Monday, September 03, 2007

Babies evacuated as Kassam strikes Sderot day care center courtyard

The Sderot Parents Association decided not to take children to schools and daycare centers beginning Tuesday ... until the government would change its policy regarding ongoing Kassam rocket salvos on the western Negev town, The Jerusalem Post learned Monday.

On Monday, Soldiers scrambled to evacuate babies from a day care center in Sderot after a projectile fired by Palestinian terrorists thudded into the courtyard.

None of the 15 babies at the center were wounded. However, frantic parents across the city - already furious over the government's failure to protect them and their children from the near-daily rocket fire - pulled their children out of schools on the second day of the academic year.

In total, seven Kassam rockets landed in and around the western Negev town Monday morning as Sderot children started their second day of the new school year. The Islamic Jihad said they had fired nine Kuds-3 rockets, saying on their internet site that the attack was "a present for the start of the new school year."

Twelve people, including some of the babies, suffered shock when one of the rockets landed near the creche and a building was damaged.

Another rocket landed near a road, while the other five landed in an open field, one causing a fire.

Despite the fact that no casualties were reported from the rocket barrage, Sderot parents were not taking any chances. Batya Katar, head of the Sderot Parents Association, said parents were pulling all 2,500 of the town's students out of school.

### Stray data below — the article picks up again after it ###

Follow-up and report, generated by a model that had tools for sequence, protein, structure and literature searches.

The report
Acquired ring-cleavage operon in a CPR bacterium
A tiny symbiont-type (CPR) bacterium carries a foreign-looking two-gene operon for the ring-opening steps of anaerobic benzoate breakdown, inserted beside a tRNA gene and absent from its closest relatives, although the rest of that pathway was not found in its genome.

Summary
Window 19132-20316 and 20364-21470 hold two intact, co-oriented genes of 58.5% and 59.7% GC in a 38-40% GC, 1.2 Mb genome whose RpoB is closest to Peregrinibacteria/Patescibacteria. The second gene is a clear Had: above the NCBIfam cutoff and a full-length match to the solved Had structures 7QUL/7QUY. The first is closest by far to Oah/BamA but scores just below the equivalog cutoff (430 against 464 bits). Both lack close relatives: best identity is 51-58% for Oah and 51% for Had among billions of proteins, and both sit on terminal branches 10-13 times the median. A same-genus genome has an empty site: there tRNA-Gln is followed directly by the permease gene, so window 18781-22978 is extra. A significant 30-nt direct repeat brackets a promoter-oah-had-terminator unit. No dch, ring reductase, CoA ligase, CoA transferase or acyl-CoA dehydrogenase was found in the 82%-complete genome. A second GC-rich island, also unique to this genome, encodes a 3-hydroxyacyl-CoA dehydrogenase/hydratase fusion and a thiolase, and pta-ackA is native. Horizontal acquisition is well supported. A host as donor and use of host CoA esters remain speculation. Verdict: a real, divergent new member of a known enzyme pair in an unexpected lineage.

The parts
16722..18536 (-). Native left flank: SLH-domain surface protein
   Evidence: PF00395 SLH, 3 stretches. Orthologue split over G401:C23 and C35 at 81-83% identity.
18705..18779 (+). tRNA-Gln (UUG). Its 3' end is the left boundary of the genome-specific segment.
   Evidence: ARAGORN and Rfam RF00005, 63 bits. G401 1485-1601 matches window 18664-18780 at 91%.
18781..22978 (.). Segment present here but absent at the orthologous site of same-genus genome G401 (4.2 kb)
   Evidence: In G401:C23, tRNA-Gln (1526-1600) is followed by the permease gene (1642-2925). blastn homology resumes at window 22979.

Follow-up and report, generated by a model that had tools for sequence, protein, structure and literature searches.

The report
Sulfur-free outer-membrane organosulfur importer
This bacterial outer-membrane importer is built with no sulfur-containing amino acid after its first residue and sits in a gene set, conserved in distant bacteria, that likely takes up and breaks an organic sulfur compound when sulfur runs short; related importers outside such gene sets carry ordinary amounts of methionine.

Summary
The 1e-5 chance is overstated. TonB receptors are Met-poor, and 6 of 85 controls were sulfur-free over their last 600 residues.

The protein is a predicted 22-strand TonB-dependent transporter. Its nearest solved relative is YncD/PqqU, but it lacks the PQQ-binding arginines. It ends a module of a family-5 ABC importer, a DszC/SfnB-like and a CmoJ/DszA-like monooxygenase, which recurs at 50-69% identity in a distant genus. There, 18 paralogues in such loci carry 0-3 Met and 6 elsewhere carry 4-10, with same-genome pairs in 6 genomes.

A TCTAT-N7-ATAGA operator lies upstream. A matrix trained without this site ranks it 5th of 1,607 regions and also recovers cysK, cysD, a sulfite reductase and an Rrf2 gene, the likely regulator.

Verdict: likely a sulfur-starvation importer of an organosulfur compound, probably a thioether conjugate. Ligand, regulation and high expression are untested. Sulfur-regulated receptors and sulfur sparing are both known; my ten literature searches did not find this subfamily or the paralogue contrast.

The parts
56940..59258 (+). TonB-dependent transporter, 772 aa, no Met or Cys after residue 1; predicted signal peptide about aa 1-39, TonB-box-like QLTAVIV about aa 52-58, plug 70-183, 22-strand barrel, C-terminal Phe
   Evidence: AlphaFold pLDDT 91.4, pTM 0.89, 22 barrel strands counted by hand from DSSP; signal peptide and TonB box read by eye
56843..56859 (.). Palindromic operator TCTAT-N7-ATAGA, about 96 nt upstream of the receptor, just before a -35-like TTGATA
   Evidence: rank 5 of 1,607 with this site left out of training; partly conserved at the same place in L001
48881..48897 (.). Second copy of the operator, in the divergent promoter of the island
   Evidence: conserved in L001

"Buses are already on the way to pick up students who haven't been taken home already," Katar told AP by telephone, the voices of panicked parents audible in the background. The government promised to move students out of the city if there was an escalation in Palestinian rocket fire, she said.

"This is an escalation, but there is no sign of any solution," Katar said.

At one Sderot school, Nahum Bitton arrived to take his children home.

"Of course I'll take them out. Should I leave them in the hands of Hamas?" Bitton told Associated Press Television News. The Islamic militants of Hamas have ruled the Gaza strip since June.

Wary parents in Sderot threatened not to send their children to school on the first day of the year on Sunday, but they lifted the strike threat after being promised the schools were properly protected and that shelters had been upgraded.

Sderot, a working-class town of 22,000, has been battered by thousands of Kassams launched in recent years from Gaza. The rockets rarely cause serious injuries or damage, but they have killed 12 people in the past seven years, and because of their frequency, wreak panic in the city.

To calm jittery residents ahead of the school year, the military dispatched more than 200 soldiers to accompany students back to school in Sderot and instruct them on emergency procedures.

On Sunday, the IDF made a concerted effort to prevent the firing of rockets into Sderot on the first day of school. Attack helicopters hovered over Gaza throughout the day and the IDF struck at a number of launchers in northern Gaza.

Sderot Mayor Eli Moyal sharply criticized the government Monday in its handling of the persistent firing of Kassam rockets on his town.

"No government official was asking about the events happening in Sderot this morning, they're just not interested," Army Radio quoted Moyal as saying.

Tzahi Hanegbi (Kadima), Chairman of the Knesset's Foreign Affairs and Defense Committee, said "there would be escaping the need to send the IDF deep into the Gaza Strip."

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